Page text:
Category: Technology

Technical Writings; Information and Communication Technology Posts

Freedom to do evil?

One of the key paradoxes about freedom is the freedom to do both right and wrong.  We balance freedom with laws that restrict certain freedoms by providing limits on what society regards as acceptable.  In a completely open model, those freedoms can be used for both good and evil.  Despite being of a liberal mindset, I also understand that we must take responsibility for our own actions, which may mean balancing our own freedoms against our responsibilities to our fellow man.

With the announcement today that Facebook, Google & Microsoft are teaming up to block extremist content on the internet, should we be concerned that such technology could also be used to restrict access to any content?  If Donald Trump doesn’t like a particular news article about him, can he get it blocked?

One of the most clearly concerning episodes from the recent US election is that conversation is being channeled into separate media – rather than having a balanced debate on a platform, echo chambers on both sides of the argument are being setup to polarise opinion.  Twitter is blocking the ‘alt-right’ and fascist behaviours, only for that community to move over to a new platform,  The liberal left are unlikely to want to join the platform, so the problem is exacerbated.

Does ‘Freedom of speech’ on the internet require a new paradigm?  Whilst media censorship has been an accepted means of protecting the liberty of groups and individuals in protecting against vile, fascist and immoral diatribes from groups that make the majority of us uncomfortable – does the communication revolution of the internet mean that we can no longer use these old methods to protect our citizenry?

I’m unclear as to whether there’s an answer, or whether the answer is unacceptable to our traditional values.  We cannot create a ‘clean’ internet without gagging certain views, and in doing so we’re giving the control to whom?  The technology companies are immature as far as moral and ethical codes go, so maybe we need to lean on other organisations that have more experience in ethical/moral frameworks to help shape the better model of intervention?

Mutable Blockchains? (Oxymoronic)

Exactly where does a mutable blockchain fit in the financial ecosystem?

I’m intrigued to see the use case, due to be announced by Accenture tomorrow, that would mean that a mutable ‘Blockchain’ within a private permissioned system is anything but.

Of course, I could be wrong – but this does seem a strange interpretation of Blockchain as used for financial institutions. Part of the beauty is being able to track back through transaction history to see what actually happened. See – I’m not saying that fat-finger trading doesn’t happen – but by admitting it does happen and recording the reversal in a later block you end up with more transparency in the process.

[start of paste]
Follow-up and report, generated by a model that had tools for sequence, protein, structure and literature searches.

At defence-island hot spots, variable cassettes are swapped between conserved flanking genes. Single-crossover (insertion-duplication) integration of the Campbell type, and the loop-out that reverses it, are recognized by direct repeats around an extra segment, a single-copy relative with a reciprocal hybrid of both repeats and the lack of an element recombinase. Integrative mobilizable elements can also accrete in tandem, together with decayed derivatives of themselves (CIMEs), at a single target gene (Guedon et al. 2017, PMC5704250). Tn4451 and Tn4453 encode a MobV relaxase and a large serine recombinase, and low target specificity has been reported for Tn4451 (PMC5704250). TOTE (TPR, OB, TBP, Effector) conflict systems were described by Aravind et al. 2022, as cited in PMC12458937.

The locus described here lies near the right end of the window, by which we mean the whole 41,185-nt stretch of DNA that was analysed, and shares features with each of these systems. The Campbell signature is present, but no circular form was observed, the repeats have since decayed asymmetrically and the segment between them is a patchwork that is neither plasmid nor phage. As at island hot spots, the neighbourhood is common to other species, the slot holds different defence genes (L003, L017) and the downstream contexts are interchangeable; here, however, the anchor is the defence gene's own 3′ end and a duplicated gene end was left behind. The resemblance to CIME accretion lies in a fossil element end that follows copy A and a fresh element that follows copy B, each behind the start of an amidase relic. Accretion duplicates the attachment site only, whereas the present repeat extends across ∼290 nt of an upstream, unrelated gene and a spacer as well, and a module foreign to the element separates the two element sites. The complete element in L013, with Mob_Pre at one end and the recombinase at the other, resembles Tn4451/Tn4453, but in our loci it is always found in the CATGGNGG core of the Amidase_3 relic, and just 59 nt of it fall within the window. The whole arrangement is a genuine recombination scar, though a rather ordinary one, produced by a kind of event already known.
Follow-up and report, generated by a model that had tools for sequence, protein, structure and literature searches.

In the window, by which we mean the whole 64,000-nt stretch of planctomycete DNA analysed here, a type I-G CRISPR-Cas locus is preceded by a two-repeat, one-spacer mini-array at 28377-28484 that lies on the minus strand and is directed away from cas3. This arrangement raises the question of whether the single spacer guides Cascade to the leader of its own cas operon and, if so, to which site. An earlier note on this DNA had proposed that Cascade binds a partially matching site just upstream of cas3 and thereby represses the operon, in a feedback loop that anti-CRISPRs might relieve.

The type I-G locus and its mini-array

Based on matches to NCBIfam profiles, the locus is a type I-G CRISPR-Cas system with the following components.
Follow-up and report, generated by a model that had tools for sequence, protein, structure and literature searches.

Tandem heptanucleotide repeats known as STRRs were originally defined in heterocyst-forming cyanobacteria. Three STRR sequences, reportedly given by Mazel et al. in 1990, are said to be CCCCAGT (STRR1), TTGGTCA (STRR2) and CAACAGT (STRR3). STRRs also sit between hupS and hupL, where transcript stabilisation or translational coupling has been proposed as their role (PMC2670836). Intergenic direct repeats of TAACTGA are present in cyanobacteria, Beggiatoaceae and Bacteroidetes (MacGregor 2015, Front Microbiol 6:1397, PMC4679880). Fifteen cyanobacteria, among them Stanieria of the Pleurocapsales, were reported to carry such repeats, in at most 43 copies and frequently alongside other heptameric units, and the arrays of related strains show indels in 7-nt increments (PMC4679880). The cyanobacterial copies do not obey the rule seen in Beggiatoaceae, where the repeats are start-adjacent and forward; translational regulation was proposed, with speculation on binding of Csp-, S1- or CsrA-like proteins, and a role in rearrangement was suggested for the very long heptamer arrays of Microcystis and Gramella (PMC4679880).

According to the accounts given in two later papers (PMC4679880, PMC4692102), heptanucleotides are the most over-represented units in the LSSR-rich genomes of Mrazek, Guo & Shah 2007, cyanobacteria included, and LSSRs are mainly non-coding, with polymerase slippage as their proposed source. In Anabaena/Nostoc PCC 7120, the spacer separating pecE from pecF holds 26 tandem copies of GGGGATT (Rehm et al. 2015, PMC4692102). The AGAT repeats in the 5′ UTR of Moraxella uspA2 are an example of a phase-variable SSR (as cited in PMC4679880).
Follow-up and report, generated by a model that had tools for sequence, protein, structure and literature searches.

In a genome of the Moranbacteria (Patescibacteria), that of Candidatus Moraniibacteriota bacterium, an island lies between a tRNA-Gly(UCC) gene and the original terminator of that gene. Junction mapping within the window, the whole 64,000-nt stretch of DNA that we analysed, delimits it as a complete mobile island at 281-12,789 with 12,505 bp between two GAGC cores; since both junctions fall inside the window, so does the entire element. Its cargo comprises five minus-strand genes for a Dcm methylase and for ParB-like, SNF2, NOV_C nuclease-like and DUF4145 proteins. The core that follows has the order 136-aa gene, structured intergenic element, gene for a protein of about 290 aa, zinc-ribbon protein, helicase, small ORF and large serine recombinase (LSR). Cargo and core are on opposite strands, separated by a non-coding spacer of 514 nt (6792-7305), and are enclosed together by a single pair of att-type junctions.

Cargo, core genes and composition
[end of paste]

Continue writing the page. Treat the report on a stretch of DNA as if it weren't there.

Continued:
Gnu-style tooling on Ethereum Smart Contracts

The Ethereum project‘s fundamental goal of providing a distributed computing system, paid for using the cryptocurrency generated by the computations on the platform is a really interesting concept.

Smart contracts, however, have some key limitations, one of which was demonstrated by the attack on the DAO.

I anticipate in the future that we’ll end up with smart contracts that are congruent with gnu tools.  Where we currently manage a project by holding a hash of the tool available for download on a trusted resource (the organisation’s website) – we could then develop these single purpose tools as smart contracts.  Organisations themselves could be defined in a smart contract, and that contract would maintain a version history of ‘approved smart contracts.’

To this end, you could then ‘safely’ chain smart contracts together in an ecosystem similar to the original gnu utils.

I’m sure the economics of ethereum don’t enable this to be economically viable on the public live network, but it’d be interesting to see how far away the Ethereum project is from this becoming a reality.

Be interesting to know your thoughts.

Heatmiser Component

Now I’ve got the heatmiser component working with home-assistant, I want to ready a v2 release which will enable it to also work with other devices other than just heatmiser thermostats.

There are two categories of component:

  1. Master – the UH1 device, which is the serial interface from the home-automation system to the thermostats.
  2. Slave – currently just the thermostats, but will also be timing switches, humidity sensors .etc

Currently the system is setup as below in, with the interface to the serial port set in the setup_platform() method of the heatmiser interface: